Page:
Mitral valve replacement surgery may be needed for mitral valve regurgitation or mitral valve stenosis.
is typically done as an open-heart surgery. Minimally invasive types of
surgery may be another option. This document describes open-heart
surgery. To learn more about minimally invasive surgery, see Heart Valve Replacement Surgery: Minimally Invasive Methods.
Before you have valve replacement surgery, you and your doctor will decide on which type of valve is right for you.
During valve surgery, you are given
general anesthesia. Your doctor makes a large incision in your chest. You are placed on a
heart-lung machine during the surgery. Blood is circulated outside of the body
and oxygen is added to it using a heart-lung (cardiopulmonary bypass) machine.
To protect the heart muscle from damage during surgery to replace the heart
valve, the heart may be cooled to slow or stop the heartbeat. The damaged
mitral valve is removed and replaced with an
artificial heart valve. The damaged valve is cut out, and the new valve is sewn
Recovery from heart valve surgery
usually involves a few days in an intensive care unit (ICU) of a hospital. Full
recovery from heart valve surgery can take several months. Recovery includes
healing of the surgical incision, gradually building physical endurance, and
You will feel tired and sore for the first few weeks after surgery. You may have some brief, sharp pains on either side of your chest. Your chest, shoulders, and upper back may ache. The incision in your chest may be sore or swollen. These symptoms usually get better after 4 to 6 weeks.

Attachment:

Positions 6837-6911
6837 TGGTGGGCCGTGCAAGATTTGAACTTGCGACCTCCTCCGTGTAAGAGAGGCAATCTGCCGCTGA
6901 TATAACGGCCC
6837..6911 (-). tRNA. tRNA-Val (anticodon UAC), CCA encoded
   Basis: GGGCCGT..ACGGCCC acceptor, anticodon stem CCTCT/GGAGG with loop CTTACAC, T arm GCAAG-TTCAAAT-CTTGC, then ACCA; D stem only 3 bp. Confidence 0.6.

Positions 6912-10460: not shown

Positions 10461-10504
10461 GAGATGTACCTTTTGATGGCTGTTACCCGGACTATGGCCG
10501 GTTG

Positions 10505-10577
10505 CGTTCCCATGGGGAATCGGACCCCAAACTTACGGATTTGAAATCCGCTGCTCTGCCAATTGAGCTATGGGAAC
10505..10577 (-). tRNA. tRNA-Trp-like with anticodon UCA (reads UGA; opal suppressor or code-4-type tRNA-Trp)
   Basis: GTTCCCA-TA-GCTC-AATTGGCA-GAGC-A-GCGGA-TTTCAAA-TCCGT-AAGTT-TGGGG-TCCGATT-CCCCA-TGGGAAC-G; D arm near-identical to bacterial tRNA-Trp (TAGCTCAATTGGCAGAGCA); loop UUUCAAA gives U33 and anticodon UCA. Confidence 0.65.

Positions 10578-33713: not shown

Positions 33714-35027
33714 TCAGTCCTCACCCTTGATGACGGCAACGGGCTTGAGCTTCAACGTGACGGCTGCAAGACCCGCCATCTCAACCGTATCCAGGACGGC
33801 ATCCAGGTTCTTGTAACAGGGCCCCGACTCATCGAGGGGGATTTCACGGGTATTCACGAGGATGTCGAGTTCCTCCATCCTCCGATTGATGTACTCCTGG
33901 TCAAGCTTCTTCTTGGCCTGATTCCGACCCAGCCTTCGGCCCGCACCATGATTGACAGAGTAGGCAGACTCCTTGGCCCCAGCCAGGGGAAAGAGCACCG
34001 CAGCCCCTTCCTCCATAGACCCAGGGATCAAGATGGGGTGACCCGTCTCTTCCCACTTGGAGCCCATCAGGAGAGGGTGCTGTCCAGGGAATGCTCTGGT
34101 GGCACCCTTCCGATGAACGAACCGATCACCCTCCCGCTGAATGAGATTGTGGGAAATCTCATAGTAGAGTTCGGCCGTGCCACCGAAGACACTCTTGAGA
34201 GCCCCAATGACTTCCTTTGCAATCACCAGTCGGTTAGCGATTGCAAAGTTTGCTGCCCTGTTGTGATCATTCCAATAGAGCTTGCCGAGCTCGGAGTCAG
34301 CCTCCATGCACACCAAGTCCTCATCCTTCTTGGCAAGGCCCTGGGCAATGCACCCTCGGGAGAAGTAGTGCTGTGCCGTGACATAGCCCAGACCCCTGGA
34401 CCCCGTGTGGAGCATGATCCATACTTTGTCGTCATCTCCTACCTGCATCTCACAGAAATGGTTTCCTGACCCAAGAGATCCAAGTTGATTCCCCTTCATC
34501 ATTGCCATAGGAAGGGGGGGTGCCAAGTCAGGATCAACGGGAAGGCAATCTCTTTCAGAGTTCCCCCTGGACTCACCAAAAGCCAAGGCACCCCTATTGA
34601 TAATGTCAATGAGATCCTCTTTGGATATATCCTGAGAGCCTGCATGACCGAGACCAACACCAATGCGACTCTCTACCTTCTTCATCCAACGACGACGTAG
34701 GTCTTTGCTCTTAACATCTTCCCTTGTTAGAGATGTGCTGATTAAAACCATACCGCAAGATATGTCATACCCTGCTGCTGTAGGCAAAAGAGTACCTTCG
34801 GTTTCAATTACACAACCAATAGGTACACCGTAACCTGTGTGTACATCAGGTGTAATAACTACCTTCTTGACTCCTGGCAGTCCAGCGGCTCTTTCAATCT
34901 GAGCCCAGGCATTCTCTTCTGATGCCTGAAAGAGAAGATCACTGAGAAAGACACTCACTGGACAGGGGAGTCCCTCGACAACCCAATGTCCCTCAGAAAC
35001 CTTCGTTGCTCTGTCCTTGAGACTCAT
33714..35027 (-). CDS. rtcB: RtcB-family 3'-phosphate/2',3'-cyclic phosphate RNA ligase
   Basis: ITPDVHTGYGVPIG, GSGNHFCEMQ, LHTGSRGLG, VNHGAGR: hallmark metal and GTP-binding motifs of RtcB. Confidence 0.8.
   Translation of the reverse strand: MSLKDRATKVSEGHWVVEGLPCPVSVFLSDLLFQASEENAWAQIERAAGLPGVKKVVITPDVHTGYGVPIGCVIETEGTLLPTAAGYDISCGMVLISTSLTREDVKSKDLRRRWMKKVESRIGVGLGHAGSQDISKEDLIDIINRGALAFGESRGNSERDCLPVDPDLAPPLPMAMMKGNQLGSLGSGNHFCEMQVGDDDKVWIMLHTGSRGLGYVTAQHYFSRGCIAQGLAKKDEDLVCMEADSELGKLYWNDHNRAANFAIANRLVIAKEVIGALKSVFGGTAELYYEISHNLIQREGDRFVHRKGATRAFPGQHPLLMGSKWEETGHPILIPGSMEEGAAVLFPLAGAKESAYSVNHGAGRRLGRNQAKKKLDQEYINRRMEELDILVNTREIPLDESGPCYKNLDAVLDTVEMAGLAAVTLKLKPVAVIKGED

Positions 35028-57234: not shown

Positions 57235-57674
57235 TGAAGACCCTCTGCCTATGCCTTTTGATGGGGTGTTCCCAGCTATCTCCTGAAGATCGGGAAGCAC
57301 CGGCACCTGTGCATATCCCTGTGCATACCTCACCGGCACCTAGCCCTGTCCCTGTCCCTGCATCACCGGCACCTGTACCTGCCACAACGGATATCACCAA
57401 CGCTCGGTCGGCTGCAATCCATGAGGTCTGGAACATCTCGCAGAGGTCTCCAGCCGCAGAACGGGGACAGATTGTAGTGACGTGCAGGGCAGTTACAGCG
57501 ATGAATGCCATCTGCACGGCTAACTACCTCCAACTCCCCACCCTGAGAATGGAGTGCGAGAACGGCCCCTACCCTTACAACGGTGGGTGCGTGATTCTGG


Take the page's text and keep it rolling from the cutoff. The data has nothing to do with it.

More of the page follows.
You will probably be able to do many of your usual activities after 4 to 6 weeks. But for at least 6 weeks, you will not be able to lift heavy objects or do activities that strain your chest or upper arm muscles. At first you may notice that you get tired easily and need to rest often. It may take 1 to 2 months to get your energy back.
Even though the surgery repaired your mitral valve, it is still important to eat heart-healthy foods, get regular exercise, not smoke, take your heart medicines, and reduce stress. Your doctor may recommend that you work with a nurse, a dietitian, and a physical therapist to make these changes. This is sometimes called cardiac rehabilitation.
After you have an artificial valve, your heart
function and your life will largely return to normal. If you had symptoms before surgery, you should feel better
than before you had the surgery. For
example, you should no longer have shortness of breath and fatigue. But
if your heart was already severely affected before your surgery, you may
continue to have complications of heart disease.
be able to resume most of your normal activities, although you will have to
continue to monitor your condition. You need to watch out for symptoms of blood
clots and infections.
An artificial valve may need to be replaced
after a period of time. So be sure to see your doctor regularly.
If you have a mechanical heart valve, you are more
likely to develop blood
clots in your heart. So you will take an anticoagulant (blood thinner) for the rest of your
life to help prevent clots.